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Blackmail payments just don't go that far these days

Here's a shocker: authoritarian states can't be trusted. North Korea has acknowledged that it still has a nuclear program, in violation of a 1994 agreement it had reached with the United States.

North Korea's surprise revelation came 12 days ago in Pyongyang, the North Korean capital, after a senior American diplomat confronted his North Korean counterparts with American intelligence data suggesting a secret project was under way. At first, the North Korean officials denied the allegation, according to an American official who was present.

The next day they acknowledged the nuclear program and according to one American official, said ``they have more powerful things as well.'' American officials have interpreted that cryptic comment as an acknowledgment that North Korea possesses other weapons of mass destruction.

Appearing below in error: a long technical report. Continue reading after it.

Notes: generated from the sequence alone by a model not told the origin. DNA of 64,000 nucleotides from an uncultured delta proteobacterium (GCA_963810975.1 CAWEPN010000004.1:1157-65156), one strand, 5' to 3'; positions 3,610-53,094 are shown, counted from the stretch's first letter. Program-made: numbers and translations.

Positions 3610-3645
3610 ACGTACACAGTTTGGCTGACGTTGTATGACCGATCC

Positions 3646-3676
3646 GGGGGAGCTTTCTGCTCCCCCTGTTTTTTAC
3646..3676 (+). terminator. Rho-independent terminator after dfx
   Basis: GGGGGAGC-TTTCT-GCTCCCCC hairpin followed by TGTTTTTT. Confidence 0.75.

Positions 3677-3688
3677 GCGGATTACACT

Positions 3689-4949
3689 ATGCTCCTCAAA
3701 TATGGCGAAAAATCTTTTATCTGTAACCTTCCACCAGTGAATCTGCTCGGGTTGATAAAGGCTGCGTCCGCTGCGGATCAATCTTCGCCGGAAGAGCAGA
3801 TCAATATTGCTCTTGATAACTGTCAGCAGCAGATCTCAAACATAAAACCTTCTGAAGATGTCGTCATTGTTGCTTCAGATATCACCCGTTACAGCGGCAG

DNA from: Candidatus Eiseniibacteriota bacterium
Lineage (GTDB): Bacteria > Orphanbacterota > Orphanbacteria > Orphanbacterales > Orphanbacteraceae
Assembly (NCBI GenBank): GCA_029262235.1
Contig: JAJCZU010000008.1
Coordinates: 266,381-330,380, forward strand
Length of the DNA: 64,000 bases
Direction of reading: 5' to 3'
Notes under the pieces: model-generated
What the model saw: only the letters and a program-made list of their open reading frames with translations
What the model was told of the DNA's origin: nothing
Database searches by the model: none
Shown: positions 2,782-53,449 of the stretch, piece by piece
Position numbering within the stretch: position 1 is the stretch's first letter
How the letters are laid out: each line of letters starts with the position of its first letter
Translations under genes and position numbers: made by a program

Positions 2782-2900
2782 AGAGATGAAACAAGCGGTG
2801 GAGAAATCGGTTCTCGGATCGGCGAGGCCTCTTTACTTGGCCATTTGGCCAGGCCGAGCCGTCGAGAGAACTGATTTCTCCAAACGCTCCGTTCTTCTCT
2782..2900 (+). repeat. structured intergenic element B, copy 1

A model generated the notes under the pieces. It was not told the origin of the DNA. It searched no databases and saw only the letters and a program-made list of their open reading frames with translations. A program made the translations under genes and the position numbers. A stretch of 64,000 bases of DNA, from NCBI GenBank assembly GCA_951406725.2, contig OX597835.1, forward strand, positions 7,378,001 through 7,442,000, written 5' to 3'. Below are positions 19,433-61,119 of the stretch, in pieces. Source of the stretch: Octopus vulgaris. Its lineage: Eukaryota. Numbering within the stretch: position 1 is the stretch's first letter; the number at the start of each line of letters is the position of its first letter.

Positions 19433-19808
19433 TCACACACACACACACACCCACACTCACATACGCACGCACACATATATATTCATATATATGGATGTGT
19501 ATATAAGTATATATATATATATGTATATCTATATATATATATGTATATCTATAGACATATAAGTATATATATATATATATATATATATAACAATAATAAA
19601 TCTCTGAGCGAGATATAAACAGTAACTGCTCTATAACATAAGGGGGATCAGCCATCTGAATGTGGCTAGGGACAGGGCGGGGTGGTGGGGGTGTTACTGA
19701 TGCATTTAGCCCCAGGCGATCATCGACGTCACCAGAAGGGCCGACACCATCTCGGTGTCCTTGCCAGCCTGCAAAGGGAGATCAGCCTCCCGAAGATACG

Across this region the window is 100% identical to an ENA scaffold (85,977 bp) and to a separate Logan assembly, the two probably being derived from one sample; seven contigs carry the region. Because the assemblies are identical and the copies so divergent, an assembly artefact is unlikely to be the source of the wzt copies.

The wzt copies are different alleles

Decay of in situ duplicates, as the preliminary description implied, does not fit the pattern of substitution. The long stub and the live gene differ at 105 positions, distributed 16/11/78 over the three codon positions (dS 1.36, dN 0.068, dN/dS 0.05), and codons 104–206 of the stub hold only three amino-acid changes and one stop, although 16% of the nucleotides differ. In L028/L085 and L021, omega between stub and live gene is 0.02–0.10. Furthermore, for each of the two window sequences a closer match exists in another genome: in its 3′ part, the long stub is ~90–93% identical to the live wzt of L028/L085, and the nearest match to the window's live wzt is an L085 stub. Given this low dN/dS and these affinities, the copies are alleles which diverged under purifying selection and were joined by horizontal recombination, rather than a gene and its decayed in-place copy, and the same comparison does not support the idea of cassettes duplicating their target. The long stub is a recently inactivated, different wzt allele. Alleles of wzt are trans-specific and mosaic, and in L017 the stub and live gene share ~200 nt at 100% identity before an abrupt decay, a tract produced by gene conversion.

Damn, what was Bush thinking, calling such an honest, peaceloving country part of an Axis of Evil?
American officials used the past dozen days to formulate a common response. At a press conference in South Korea on Thursday morning, local time, Lee Tae Sik, deputy minister for foreign affairs, urged North Korea to abide by a series of agreements it now clearly violates: the Nuclear Non-Proliferation Treaty, the 1994 agreement, and a ``joint declaration'' signed with South Korea to keep the Korean Peninsula nuclear-free.
Whoda thunk that a country -- other than the evil United States -- might violate a treaty or three? I bet we don't hear many accusations of North Korean "unilateralism" from our "sophisticated" European allies. And I doubt many multilateralists will get a clue that words on paper don't prevent criminals from committing crimes.

The United States confronted North Korea in the early 1990s, and some thought that we were close to war over the issue. Guess which recent Nobel Prize winner got credit for "solving" this problem? Hint: he grew peanuts. I wonder whether his bio will be revised to reflect these new developments.


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